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Personal Grievance Case Acme Chemical Company and Reg Pistoff

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Application
The matter concerned is a personal grievance/dispute between Acme Chemical Company and Reg Pistoff. The complainant Reg Pistoff has accused Acme Chemical Company of violating the collective agreement between Acme and the union which Mr Reg Pistoff is a member of . The notice of dispute stated by Mr Pistoff stated that Mr Dan Neksdup was called back to work and began working December 8th 2010; he is a junior to Reg Pistoff, Mr Pistoff should have been called back to work first. The remedy the union demands is that the employer ceases and desists from violating the collective agreement, That the incidents be rectified and proper compensation, including benefits and overtime at the applicable rate of pay be paid, and that all who are affected be made whole in every aspect.
Facts of the case:
Before we look at the history of the case and the employment relationship between Mr Reg Pistoff and Acme Chemical Company, we must firstly address the employment contract in place at the warehouse. The union and the employer (Acme chemical Company) had a collective agreement which it had been using for the previous two years, from 2008 until 2010. A side agreement which the union and the employer Acme Chemical Company have had for the past two years provided the following:
“Where permanent employees’ position become redundant to the company’s need any temporary jobs shall be filled by those employees whose positions have been made redundant in order of seniority, with the most senior employee to be offered the temporary job first”.
The ‘side agreement’ also contained a provision for termination by either party on a one-month’ notice, On September 1 2010 the union had notified the employer Acme Chemical Company that it intended to terminate the agreement effective of 1 October 2010 and to thereafter to use the provisions of the collective agreement as it related to temporary jobs.
There are also several provisions that Acme Chemical Company and Mr Reg Pistoff put forward to support their respective cases, these provisions can be found in appendix A.
Reg Pistoff is a senior member of the workforce at Acme Chemical Company. The multinational manufacturing company employed Mr Pistoff in 2000 and over the ten years he has worked in Acme Reg has now positioned himself as the fifth most senior member out of 12 members in the shipping warehouse by December 2010. In May 2010 in accordance with the provision of the collective agreement, five members were made redundant leaving only six members, at this time Mr Pistoff became the fifth most senior members in the shipping warehouse, several months later in November 2010 Reg Pistoff and Dan Neksdup jobs were made redundant as they were the least senior members at the warehouse.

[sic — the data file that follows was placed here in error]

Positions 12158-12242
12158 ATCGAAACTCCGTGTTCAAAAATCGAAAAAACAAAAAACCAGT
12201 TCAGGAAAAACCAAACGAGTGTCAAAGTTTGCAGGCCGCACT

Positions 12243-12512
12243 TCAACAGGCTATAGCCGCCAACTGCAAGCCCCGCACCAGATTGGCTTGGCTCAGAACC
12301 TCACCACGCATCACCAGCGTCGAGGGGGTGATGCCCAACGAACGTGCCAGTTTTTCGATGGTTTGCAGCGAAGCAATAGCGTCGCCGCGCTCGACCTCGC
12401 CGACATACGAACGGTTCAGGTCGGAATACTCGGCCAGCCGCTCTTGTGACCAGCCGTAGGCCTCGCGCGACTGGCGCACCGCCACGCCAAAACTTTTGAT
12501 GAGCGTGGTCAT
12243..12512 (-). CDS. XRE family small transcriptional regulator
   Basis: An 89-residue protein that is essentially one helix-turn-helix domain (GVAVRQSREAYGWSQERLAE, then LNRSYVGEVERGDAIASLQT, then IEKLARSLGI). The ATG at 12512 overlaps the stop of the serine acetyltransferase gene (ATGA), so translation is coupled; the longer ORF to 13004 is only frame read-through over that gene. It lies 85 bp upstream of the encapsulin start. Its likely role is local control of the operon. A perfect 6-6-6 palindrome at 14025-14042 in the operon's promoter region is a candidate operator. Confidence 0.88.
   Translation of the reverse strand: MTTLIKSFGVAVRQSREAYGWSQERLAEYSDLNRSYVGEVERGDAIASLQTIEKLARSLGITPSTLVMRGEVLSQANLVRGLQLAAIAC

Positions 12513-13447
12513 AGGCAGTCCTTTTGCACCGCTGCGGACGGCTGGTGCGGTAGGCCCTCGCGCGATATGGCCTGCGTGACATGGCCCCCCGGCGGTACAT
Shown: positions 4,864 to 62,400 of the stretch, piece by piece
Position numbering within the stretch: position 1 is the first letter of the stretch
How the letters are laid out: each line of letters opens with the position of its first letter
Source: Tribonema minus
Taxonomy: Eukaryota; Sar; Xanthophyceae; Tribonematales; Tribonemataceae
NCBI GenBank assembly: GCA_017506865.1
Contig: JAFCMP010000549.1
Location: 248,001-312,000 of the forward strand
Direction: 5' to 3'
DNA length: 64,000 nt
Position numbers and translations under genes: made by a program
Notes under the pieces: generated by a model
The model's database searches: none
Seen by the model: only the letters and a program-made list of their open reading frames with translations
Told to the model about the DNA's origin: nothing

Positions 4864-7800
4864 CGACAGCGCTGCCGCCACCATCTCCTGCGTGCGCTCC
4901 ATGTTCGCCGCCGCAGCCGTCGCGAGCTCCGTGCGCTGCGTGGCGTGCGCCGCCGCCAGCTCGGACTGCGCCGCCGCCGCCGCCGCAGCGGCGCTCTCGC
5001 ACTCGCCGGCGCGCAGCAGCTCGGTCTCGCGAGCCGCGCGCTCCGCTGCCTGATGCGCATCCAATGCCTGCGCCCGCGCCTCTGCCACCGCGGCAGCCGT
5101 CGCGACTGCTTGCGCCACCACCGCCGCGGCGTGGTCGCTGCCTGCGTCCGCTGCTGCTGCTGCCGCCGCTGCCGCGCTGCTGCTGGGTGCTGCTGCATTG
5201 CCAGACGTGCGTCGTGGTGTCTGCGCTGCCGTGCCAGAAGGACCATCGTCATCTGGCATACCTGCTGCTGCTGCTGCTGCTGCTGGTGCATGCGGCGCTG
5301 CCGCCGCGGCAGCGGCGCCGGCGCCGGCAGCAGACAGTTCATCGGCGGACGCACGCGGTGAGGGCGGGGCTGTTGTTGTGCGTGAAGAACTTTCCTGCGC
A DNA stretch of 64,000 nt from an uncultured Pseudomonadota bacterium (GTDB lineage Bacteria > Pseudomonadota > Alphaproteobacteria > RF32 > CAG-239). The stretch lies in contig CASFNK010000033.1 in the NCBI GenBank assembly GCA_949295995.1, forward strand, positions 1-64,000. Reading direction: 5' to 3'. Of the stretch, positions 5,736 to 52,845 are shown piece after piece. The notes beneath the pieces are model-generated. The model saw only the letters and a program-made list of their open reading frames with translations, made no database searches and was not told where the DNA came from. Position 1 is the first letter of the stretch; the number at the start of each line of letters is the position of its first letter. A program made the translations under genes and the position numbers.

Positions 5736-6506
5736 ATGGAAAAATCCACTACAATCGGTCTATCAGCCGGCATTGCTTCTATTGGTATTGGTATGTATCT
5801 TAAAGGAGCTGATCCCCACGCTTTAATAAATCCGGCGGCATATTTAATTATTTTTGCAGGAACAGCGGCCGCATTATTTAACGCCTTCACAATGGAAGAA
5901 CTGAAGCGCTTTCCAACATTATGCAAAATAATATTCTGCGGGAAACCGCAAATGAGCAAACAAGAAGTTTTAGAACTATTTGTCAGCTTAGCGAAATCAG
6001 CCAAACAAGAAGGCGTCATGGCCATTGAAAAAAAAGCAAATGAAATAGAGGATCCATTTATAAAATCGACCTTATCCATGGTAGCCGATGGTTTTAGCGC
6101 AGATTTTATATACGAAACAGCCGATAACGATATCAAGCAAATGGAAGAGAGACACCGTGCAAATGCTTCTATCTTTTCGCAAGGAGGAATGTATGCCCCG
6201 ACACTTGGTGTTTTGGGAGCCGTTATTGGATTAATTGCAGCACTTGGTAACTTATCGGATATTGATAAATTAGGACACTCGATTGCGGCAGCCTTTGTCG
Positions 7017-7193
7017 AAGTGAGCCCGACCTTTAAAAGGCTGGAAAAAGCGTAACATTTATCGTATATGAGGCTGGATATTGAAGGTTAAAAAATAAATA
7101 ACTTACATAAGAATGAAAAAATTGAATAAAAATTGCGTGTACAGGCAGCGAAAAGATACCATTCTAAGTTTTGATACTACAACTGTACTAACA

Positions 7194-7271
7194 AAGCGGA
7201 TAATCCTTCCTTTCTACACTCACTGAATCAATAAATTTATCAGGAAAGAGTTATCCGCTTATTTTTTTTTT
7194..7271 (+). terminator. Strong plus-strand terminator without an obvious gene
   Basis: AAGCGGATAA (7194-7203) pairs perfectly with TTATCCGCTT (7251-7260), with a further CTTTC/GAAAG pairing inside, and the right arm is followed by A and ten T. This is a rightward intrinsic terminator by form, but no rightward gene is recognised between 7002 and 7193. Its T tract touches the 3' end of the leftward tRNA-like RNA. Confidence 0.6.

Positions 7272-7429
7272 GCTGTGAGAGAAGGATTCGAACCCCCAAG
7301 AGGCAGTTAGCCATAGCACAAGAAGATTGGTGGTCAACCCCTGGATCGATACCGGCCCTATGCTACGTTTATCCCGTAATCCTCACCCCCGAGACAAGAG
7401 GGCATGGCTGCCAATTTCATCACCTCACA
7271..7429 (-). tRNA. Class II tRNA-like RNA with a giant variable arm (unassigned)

On December 7th 2010 an employee injured her hand and a temporary employee was needed to fill her shift for the following week. The foreman telephoned the personnel department to have an employee whose position had been declared redundant to be called in. The personnel manager received the request at 10am. Reg Pistoff was deemed the from the seniority list as the most senior warehouse employee who had been made redundant, the clerk attempted to contact Mr Pistoff through his home via telephone at hourly intervals to no avail from 10am-3.30pm. After this time the personnel Manager decided to have the next most senior employee called in for the work. Dan Neksdup was determined as next most senior employee after Mr Pistoff; Mr Neksdup was reached at 4pm and was prepared to start work the next morning at 8am. The appropriate papers were drawn up for Mr Neksdup to work eight-hour shifts until the 16 December to compensate for the injured employee.
The following Day on the 8th of December Mr Pistoff found out by way of conversation that Mr Neksdup was working at the warehouse, this was later confirmed when he went to the warehouse. Mr Pistoff complained to the foreman that he had not been contacted and offered the work, even though he was out of town from 9am until 5pm. The foreman in reply refused his complaint and request for work, Mr Pistoff went to the union and filled a complaint.